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Library of Congress Summary
The summary below was written by the Congressional Research Service, which is a nonpartisan division of the Library of Congress.
10/29/2009--Reported to Senate amended.
Tribal Law and Order Act of 2009 - States as the purposes of this Act to:
(1) clarify the responsibilities of federal, state, tribal, and local governments with respect to crimes committed in trial communities;
(2) increase coordination and communication among federal, state, tribal, and local law enforcement agencies;
(3) empower tribal governments to provide public safety in tribal communities;
(4) reduce violent crime in tribal communities and combat sexual and domestic violence against American Indian and Alaska Native women;
(5) prevent drug trafficking and reduce rates of alcohol and drug addiction in Indian country; and
(6) increase and standardize the collection of criminal data and the sharing of criminal history information among federal, state, and tribal officials.
Federal Accountability and Coordination
Amends the Indian Law Enforcement Reform Act to replace the Division of Law Enforcement Services in the Department of the Interior with the Office of Justice Services in the Bureau of Indian Affairs (BIA). Sets forth the duties of such Office, including:
(1) communicating with tribal leaders, tribal community and victims' advocates, trial justice officials, and residents of Indian land on a regular basis regarding public safety and justice concerns;
(2) providing technical assistance and training to tribal law enforcement officials for gaining access to crime information databases;
(3) collecting, analyzing, and reporting data on crimes in Indian country on an annual basis;
(4) sharing with the Department of Justice (DOJ) crime data received from tribal law enforcement agencies on a tribe-by-tribe basis; and
(5) submitting to the House Committee on Natural Resources and the Senate Committee on Indian Affairs a spending report on tribal public safety and justice programs and a report on technical assistance and training provided to tribal law enforcement and corrections agencies.
Directs the Secretary of the Interior to submit to Congress a long-term plan to address incarceration in Indian country.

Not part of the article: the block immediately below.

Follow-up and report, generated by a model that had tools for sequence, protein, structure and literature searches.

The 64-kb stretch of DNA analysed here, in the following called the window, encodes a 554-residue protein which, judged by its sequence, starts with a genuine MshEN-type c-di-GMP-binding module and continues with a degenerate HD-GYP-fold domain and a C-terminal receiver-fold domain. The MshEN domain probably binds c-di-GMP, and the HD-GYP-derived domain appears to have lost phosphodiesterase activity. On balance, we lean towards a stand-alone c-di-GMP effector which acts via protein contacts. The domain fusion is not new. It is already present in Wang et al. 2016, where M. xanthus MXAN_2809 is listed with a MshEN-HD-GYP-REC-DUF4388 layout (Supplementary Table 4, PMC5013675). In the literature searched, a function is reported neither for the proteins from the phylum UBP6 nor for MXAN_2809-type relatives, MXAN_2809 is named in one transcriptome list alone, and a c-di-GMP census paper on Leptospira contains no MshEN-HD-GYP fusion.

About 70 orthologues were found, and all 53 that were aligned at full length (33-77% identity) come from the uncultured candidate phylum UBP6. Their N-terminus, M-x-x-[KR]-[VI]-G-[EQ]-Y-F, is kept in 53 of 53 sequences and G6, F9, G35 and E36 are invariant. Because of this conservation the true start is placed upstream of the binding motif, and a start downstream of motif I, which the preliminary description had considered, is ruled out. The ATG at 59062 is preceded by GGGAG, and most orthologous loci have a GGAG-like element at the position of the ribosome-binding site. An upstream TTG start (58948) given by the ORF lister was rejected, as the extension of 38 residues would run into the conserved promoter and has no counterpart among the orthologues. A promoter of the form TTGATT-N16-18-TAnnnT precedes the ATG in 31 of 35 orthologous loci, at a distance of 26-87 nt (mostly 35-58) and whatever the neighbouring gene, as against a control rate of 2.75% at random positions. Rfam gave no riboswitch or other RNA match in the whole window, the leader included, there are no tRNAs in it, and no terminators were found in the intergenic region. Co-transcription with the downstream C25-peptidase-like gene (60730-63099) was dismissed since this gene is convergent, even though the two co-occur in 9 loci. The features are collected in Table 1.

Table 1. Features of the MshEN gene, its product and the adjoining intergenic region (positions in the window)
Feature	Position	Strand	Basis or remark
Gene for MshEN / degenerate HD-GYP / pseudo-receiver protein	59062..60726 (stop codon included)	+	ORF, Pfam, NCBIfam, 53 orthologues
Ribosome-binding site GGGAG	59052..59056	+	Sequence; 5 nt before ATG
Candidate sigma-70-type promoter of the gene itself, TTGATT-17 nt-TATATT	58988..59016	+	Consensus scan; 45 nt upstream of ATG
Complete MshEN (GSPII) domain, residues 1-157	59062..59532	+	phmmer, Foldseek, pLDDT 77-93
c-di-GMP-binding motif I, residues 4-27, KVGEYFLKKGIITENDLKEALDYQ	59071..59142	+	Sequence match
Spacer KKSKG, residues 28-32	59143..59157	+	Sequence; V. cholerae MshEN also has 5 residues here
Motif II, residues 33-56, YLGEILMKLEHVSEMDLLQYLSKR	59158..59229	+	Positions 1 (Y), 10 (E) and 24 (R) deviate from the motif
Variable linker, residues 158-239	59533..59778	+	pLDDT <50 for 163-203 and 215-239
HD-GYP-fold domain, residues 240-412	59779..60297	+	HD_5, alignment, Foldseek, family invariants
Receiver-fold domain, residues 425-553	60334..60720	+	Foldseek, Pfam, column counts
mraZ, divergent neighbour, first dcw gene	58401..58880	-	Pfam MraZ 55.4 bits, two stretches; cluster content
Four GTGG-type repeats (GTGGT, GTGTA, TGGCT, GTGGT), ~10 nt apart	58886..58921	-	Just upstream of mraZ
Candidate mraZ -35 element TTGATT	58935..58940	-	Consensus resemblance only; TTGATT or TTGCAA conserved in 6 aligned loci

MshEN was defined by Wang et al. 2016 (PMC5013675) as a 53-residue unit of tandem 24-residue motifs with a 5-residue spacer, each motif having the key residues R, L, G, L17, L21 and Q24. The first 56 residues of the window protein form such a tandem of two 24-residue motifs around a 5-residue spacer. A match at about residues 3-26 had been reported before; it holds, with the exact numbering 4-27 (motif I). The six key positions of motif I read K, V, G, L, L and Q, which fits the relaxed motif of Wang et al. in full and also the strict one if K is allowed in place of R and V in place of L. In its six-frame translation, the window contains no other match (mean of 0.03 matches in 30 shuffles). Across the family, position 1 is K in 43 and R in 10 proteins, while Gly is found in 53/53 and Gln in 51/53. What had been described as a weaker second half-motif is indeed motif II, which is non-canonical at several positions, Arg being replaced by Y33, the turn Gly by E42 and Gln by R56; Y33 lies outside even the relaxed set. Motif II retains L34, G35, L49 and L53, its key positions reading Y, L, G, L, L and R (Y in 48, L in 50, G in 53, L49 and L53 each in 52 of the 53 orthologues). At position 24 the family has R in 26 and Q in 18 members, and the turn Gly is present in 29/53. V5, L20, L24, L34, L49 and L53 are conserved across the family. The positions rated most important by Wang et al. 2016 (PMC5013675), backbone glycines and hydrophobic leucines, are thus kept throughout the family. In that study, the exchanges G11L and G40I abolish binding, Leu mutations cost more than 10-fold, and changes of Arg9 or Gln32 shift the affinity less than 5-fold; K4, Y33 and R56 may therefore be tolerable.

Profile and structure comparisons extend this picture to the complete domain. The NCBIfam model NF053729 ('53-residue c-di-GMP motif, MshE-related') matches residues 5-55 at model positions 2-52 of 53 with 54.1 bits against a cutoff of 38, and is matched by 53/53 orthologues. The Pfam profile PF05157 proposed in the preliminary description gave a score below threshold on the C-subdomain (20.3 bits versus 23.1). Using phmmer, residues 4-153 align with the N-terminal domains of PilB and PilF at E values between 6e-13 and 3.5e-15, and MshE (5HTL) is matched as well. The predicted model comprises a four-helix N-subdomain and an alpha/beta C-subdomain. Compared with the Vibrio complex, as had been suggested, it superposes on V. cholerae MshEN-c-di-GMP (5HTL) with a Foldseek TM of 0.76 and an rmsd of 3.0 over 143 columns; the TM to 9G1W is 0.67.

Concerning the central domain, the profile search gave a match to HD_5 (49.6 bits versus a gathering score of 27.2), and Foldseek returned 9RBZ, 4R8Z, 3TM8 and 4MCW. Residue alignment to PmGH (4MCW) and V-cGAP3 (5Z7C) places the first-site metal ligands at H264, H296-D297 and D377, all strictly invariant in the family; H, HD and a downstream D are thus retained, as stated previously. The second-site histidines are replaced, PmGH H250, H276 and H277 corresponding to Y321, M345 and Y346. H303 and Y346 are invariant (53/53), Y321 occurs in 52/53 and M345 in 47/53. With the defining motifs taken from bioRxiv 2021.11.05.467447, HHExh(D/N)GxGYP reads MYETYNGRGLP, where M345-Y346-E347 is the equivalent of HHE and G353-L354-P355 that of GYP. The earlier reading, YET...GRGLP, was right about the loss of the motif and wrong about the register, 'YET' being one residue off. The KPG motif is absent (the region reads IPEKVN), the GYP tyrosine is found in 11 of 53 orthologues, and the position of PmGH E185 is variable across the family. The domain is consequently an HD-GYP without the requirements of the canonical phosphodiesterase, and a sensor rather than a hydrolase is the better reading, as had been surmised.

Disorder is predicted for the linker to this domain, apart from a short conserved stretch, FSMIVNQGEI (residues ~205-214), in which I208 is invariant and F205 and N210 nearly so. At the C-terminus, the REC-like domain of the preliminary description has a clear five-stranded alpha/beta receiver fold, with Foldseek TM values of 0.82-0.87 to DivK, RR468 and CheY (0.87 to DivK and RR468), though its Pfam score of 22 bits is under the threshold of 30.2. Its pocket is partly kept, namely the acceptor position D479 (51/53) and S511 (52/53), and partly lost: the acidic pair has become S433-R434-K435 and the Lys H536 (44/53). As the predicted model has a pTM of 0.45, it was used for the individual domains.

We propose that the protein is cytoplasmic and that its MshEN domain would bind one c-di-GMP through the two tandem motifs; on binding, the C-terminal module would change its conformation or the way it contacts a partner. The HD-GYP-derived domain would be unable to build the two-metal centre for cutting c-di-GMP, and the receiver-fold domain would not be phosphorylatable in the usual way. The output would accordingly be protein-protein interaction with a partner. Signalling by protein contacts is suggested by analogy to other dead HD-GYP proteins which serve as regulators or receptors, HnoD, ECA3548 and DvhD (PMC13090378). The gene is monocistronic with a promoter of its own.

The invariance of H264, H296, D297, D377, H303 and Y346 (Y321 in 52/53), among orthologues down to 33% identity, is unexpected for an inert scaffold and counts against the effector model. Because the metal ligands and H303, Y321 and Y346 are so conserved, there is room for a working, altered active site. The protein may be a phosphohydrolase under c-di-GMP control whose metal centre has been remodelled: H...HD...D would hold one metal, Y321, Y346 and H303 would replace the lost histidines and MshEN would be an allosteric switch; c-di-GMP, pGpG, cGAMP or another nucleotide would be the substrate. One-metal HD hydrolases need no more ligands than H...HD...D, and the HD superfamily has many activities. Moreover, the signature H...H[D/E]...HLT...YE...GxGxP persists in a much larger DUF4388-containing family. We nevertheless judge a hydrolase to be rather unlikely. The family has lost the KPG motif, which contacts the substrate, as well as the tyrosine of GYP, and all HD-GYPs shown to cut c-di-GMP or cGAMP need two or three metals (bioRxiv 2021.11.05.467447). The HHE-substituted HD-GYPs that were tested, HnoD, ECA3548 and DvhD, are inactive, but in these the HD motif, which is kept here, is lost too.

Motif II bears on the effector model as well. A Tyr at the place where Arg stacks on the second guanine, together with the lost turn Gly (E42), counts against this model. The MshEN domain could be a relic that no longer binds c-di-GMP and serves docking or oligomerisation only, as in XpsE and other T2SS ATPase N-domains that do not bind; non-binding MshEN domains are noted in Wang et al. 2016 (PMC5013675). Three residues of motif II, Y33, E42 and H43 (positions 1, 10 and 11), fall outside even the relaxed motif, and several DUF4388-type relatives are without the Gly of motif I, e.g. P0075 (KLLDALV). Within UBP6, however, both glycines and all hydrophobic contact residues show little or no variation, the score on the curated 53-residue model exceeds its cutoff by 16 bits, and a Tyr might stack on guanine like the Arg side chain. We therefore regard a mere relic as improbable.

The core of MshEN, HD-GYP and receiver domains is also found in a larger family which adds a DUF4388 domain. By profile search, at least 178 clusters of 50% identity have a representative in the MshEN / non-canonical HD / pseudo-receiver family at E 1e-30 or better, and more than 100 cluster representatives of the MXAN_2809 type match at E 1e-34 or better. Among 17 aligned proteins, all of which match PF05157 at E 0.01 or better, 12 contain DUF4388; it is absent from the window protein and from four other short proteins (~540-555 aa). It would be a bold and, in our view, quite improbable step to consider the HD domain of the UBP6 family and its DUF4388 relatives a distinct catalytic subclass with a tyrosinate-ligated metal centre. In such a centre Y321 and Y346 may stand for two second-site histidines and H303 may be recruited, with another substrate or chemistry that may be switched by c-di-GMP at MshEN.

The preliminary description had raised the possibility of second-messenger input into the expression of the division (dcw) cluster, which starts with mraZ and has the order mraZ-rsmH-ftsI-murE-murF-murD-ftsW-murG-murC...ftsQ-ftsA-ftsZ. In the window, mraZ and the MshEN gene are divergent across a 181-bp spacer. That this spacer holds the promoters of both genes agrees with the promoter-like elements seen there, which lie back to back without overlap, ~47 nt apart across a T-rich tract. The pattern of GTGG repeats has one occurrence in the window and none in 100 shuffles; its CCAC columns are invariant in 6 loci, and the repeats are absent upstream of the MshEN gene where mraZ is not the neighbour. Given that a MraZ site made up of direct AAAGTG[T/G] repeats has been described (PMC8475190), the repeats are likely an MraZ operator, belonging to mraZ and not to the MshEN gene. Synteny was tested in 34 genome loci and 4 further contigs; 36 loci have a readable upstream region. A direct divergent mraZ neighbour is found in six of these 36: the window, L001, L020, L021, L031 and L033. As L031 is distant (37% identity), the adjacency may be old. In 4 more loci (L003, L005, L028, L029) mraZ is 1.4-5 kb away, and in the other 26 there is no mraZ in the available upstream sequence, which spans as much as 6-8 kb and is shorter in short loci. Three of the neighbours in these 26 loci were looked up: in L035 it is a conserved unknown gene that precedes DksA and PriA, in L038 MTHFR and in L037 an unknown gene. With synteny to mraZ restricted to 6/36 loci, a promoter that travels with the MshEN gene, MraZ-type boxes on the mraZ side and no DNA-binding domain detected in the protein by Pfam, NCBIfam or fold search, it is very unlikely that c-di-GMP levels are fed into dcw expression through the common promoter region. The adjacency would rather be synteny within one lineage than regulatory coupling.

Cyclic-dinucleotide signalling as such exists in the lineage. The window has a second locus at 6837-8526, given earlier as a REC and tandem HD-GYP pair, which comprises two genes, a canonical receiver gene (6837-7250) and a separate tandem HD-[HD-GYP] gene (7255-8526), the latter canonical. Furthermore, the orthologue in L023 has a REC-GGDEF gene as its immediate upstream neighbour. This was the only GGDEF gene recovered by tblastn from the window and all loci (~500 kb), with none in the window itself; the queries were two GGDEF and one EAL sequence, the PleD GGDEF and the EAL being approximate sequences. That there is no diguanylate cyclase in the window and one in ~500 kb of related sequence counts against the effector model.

Authorizes BIA law enforcement officers to make warrantless arrests in Indian country based on probable cause for misdemeanor offenses involving controlled substances, firearms, assaults, or liquor trafficking.
Expands requirements for reporting by federal law enforcement officers, the Federal Bureau of Investigation (FBI), and United States Attorneys to Indian tribes on decisions not to investigate or prosecute alleged violations of federal criminal law in Indian country.
Requires such federal officials to:
(1) coordinate with tribal law enforcement officials on the use of evidence in such cases for prosecution in a tribal court; and
(2) compile data on crimes in Indian country in which investigations or prosecutions were terminated or declined.
Requires the Attorney General to submit annual reports to Congress on investigations and prosecutions in Indian country that were terminated or declined.
Authorizes the Attorney General to appoint tribal prosecutors and other qualified attorneys to assist in prosecuting federal crimes committed in Indian country.
Requires each United States Attorney whose district includes Indian country to appoint at least one assistant United States Attorney to serve as a tribal liaison for specified purposes, including coordinating the prosecution of federal crimes that occur in Indian country, combating child abuse and domestic and sexual violence against Indians, and providing technical assistance and training on evidence gathering techniques.